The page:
That's No Way to Go: Giving Your Body Over to the Telecom Lacking Sound Festival 44

Text:  Jau-Lan Guo
Translate: Yvonne Kennedy

Shall we return the disused body or give our body over to the telecom?

Burst of laser and flashes of electrical current magically disappear and reappear in the hands of the artist.  In Yao Chung-Han's work for Lacking Sound Festival Listen 44, entitled “Laser - Lamps - Sound Performance” (LLSP), the artist dances on laser beams as if pounding at piano keys, blocking beams of light with the body, and simultaneously sets off a clash of sound with a blast of fluorescent light.   The interim space is strung together with chaotic noise edited by the body.  Short bursts shoot forth.  Rapid fire.  Collision.  

As a member of the audience, I relinquish my eardrums and retinas.  The pupils have no time to react to these rapid lighting effects that push the limits of visual perception.  Visual cues momentarily freeze on the supplied images and currents of noise.  They are on auto-receive, and a psychedelic spectacle of sound and light is constructed.

A Codified Body

LLSP is a cybernetic musical instrument.  It is an artistic assemblage consisting of fluorescent tubes, laser beams, distance sensors, and laptop computers; a “musical instrument” installation that can be “strummed,” “performed” and “danced” by the human body.  The body is not used here to produce a voice that originates in the pudenda and rises to the throat, nor is it Alice Hui-Sheng Chang’s body-as-instrument, created from the body itself.   What is performed in the LLSP is the body that is coded by the music/noise instrument that the artist has assembled himself.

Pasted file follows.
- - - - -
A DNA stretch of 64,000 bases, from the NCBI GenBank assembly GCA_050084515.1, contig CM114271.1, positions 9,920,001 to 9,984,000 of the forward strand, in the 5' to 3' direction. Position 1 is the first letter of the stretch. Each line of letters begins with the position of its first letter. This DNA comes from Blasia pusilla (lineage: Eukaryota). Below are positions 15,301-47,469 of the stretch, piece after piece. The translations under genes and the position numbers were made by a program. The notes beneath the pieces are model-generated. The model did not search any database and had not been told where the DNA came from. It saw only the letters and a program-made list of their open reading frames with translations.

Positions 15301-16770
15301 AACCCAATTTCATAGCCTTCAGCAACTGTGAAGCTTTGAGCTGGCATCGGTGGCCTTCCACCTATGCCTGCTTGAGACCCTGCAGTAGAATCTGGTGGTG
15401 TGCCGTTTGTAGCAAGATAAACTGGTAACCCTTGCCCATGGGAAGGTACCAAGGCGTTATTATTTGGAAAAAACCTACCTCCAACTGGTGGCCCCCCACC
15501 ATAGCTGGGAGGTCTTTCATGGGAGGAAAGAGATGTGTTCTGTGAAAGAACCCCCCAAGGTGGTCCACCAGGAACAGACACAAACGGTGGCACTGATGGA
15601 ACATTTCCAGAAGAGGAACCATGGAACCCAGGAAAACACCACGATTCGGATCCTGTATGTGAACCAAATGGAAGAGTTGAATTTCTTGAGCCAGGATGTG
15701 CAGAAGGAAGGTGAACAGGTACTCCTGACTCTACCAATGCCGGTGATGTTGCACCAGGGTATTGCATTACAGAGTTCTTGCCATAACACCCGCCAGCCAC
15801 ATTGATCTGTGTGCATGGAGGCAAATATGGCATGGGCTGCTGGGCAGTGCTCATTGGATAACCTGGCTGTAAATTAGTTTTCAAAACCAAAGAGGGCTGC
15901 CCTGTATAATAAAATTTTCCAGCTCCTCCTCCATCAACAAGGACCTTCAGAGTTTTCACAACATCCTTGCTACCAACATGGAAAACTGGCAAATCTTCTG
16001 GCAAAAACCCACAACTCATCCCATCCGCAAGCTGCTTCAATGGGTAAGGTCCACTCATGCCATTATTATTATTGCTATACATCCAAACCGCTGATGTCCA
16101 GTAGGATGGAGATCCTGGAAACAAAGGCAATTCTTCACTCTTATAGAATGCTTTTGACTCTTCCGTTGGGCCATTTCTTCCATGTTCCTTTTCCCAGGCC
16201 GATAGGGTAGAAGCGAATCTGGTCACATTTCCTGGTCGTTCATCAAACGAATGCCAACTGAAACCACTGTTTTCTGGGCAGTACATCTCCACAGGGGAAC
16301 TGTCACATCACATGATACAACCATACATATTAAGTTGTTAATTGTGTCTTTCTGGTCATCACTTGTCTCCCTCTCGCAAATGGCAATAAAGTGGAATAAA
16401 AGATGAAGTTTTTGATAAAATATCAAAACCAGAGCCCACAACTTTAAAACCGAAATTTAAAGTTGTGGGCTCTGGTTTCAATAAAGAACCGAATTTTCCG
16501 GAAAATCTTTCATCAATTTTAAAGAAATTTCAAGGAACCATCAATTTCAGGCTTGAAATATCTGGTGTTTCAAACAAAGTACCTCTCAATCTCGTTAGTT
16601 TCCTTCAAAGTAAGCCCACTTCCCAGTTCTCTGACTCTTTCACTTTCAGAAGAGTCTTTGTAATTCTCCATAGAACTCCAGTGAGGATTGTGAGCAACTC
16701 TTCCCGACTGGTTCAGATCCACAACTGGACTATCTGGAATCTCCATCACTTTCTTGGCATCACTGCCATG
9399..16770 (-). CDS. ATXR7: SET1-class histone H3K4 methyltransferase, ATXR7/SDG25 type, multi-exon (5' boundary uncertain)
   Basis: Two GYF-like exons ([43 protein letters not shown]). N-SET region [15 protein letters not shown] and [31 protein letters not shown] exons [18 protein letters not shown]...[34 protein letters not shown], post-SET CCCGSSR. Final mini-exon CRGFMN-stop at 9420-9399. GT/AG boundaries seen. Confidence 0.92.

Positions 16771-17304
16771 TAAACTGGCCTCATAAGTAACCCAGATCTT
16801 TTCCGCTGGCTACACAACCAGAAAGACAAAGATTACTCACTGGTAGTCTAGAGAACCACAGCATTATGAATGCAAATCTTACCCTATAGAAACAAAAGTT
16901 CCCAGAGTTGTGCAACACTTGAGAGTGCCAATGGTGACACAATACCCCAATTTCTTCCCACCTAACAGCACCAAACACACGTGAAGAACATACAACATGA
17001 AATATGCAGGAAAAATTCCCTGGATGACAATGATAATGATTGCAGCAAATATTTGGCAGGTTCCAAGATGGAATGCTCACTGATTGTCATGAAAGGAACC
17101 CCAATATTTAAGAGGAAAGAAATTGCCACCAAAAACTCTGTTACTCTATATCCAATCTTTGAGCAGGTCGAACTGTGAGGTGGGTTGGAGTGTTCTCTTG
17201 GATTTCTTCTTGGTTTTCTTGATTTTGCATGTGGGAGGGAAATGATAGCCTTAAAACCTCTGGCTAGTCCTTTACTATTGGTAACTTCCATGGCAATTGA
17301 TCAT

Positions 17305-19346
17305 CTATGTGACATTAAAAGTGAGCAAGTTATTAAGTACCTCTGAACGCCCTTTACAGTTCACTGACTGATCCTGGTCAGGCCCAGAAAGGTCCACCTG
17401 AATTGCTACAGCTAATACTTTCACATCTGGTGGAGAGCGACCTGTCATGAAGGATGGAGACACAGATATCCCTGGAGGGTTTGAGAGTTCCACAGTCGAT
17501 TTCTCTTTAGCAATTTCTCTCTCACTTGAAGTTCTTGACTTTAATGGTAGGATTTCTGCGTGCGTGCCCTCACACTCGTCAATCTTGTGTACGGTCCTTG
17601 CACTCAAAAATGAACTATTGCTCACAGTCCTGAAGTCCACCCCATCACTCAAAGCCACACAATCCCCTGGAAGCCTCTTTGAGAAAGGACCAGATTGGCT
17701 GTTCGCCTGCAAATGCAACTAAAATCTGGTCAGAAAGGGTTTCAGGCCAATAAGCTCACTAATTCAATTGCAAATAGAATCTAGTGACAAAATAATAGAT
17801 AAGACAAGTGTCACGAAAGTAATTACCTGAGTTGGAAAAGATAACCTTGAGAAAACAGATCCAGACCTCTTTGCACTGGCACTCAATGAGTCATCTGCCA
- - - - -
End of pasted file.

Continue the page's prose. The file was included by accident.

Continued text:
To invent a noise instrument, then to subordinate the body to that system -- the dynamic of that body is thus translated into coded signals that initiate and edit electronic noises and lights.
The stellar performance report card that is the LLSP is, in short, a cybernetic musical instrument that can be immediately performed by converting the noise of electrical currents in fluorescent tubes.  The solution to locating the body within this telecom-instrumental process was a simple and clever one: laser light.  Lasers not only provide an interface between the body and the instrument, using lasers is an automatic “A-Plus” grade for its psychedelic and shock lighting effects.    

Applications of laser sensor interfaces to sound are not an innovation of the LLSP, but here, the sound artist does not sit motionless behind his laptop, awkward but calm as he directs the digital control board – where the audience has no choice but to direct their eyes to images in the background.  Instead, Yao Chung-Han jumps directly onto the stage and controls the entire scene with his body.  Taken separately or as a whole, he appears to have smoothly integrated the visual, auditory and tactile elements.  

Here, the artist’s physical silhouette has become the focal point of the performance. He is a debonair magician, disappearing and reappearing on the stage as he exercises precise control of the overall performance.   Understandably, audience members are curious as to whether the artist contemplates his own stage persona and projected image the way a rock star might.